A Tar Heel in Cloak: George Watts Hill, Interventionism, and the Shadow War Against Hitler

Scion of a distinguished North Carolina family (“Durham’s first family”) known for its civic entrepreneurship and generosity to the state, the city of Durham, and the University of North Carolina, George Watts Hill–businessman, banker, lawyer, hospital director, staunch Presbyterian, and “guiding force in the development of the Research Triangle Park”–played a key role in the secret war against Hitler.

Born in New York on October 27, 1901, Watts Hill was later educated at Durham High School, Hotchkiss, the University of North Carolina, and UNC Law School. After graduating from law school and passing the bar exam in 1924, he married Ann Austin McCulloch, a woman of modest means whose mother’s ancestors included Charles Carroll, a signer of the Declaration of Independence.  While eschewing the practice of law, Hill honored his father’s wishes and devoted his attention to family business interests, especially Watts Hospital in Durham.

Democratic member of the Virginia House of Delegates, field secretary of the Foreign Policy Association, organization director for the Council on Foreign Relations, and founding member of the Century Group (later known as the Fight For Freedom Committee), Francis Pickens Miller, another staunch Presbyterian Southerner, unquestionably influenced Watts Hill’s interest in national and international issues.  Miller probably first met Hill through a mutual association with UNC president, Frank Porter Graham.  In January 1939, Miller invited Hill to a conference in Atlanta of the Southern Policy Committee (SPC), because he believed Hill’s corporate background might enhance the credibility of the organization’s largely non-business membership.  The January committee produced a plan to improve the South’s economic, social, educational, public health, labor, and suffrage conditions.   At the end of the meeting, Miller persuaded Hill to organize a SPC group in North Carolina.

Alarmed by Hitler’s conquest of Europe and Britain’s retreat at Dunkirk, Hill supported Francis Miller’s and New York businessman Whitney Shephardson’s draft of "A Summons To Speak Out."  The “Summons” called for an end to U. S. neutrality, American assistance to the Allies with all "disposable air, naval, military and material resources," and an American declaration of war against Nazi Germany (considered to be the only legal avenue to aid Britain, the last line of defense).  Watts Hill offered Miller further assistance and suggested that Congress be urged to support the "Summons."  Hill was one of only two North Carolinians mentioned in The New York Times and the New York Herald-Tribune as advocating war against Hitler.

Miller considered the well-traveled Hill an ideal compatriot in mobilizing American public opinion against continued neutrality in the face of Nazi aggression.  Not surprisingly, at Miller’s request, Hill recruited Tar Heels to sign the  "Summons," and in doing so, he reiterated the Allies’ need for U. S. war material, not American troops.  But he also stressed that conscription was necessary for America to be war-ready.  The South’s traditional internationalism notwithstanding, not one North Carolina congressman supported a war declaration against Germany.  While few Tar Heels embraced Senator Robert Reynolds’ extreme isolationism, most wanted their country to stay out of war.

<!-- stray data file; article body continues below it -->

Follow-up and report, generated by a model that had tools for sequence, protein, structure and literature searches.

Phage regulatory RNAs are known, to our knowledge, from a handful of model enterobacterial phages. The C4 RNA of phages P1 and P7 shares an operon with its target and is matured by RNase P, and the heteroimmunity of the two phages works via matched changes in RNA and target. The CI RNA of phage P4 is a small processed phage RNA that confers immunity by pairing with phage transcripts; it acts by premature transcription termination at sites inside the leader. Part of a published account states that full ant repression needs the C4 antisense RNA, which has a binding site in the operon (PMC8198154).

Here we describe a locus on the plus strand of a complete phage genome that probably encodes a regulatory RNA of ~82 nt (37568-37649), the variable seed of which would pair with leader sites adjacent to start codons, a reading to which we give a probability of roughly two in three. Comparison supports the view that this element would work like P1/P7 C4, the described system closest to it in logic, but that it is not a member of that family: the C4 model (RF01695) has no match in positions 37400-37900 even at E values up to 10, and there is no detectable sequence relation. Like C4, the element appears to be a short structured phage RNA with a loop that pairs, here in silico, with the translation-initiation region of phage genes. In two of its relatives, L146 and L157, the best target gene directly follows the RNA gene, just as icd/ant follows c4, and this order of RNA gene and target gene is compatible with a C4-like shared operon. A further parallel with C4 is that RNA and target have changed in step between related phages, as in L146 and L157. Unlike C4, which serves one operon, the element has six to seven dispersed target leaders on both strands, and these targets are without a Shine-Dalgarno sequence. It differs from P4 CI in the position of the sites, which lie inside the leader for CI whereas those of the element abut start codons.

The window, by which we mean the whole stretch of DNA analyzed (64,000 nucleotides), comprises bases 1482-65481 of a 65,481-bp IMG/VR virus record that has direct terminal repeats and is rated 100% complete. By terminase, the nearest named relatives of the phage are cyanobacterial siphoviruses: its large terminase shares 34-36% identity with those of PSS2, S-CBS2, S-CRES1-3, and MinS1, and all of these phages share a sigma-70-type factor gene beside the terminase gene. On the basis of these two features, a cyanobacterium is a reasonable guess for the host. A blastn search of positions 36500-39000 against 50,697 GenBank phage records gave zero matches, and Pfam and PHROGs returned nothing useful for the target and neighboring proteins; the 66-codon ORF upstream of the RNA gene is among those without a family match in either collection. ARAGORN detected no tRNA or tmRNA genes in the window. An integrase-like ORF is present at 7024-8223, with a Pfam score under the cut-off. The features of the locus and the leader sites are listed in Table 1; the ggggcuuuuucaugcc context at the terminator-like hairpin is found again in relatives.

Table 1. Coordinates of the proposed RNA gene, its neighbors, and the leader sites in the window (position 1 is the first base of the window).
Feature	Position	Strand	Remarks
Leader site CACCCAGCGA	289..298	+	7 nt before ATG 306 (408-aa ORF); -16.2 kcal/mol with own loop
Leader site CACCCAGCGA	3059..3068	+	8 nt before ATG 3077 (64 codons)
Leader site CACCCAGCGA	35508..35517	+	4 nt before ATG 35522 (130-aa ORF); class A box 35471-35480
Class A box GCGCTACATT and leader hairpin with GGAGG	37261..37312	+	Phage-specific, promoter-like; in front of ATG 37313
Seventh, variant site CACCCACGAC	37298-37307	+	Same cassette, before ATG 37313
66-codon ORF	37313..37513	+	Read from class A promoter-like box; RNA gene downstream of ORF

Hill declined an offer to lead the North Carolina chapter of the less militant and more popular Committee to Defend America by Aiding the Allies (CDAAA), which supported aid just short-of-war.  Instead, he became a founding member of the Century (Miller) Group out of which came the Fight for Freedom Committee (FFC), the most militant interventionist organization and the future leaders of the Office of Strategic Services (OSS), America’s premier intelligence agency during the Second World War.  Despite its small numbers, the Century Group contributed greatly in gaining public support for Franklin Roosevelt’s “Destroyer Deal,” an executive agreement providing a beleauguered Britain with 100 mothballed destroyers.

In the minutes of the Century Club’s July 25, 1940 meeting, Hill wrote that Britain’s “naval situation is more desperate than anyone realizes.”  As part of the campaign in support of the sale, Hill organized a group in Rocky Mount that placed supportive ads in local newspapers.  In response to Senator Reynolds and Congressman John H. Kerr’s opposition to the destroyer sale–fearing it would provoke Hitler to attack the U.S.–Hill wrote Kerr that America should not worry about “the feelings of a totalitarian state when their actions prove that they do not worry in the slightest about the feelings of any one other than themselves. . . . Germany will attack the United States when she pleases, if she pleases, and no declaration, or lack of one will have the slightest effect on her actions.”

After serving as chairman of the Navy Relief Society’s campaign in North Carolina and later as the Navy’s procurement officer handling commission applications from fellow North Carolinians, Hill entered the Office of the Coordinator of Information (COI) in March 1942.  The COI’s London-based and Secret Intelligence (SI) British section chief, Francis Pickens Miller, arranged an interview so that Hill could join the Office of Strategic Services (OSS), which replaced COI on June 13, 1942.  After inteviewing with COI chief, Col. William J. Donovan, Hill accepted an executive officer appointment in SA/B (Special Activities/Bruce) division and quickly set out to instill order in the young agency and secure much-needed office equipment, furniture, and new employees.  On the eve of Operation Torch, the Allied invasion of North Africa, Hill supplied Donovan with vital information concerning transportation.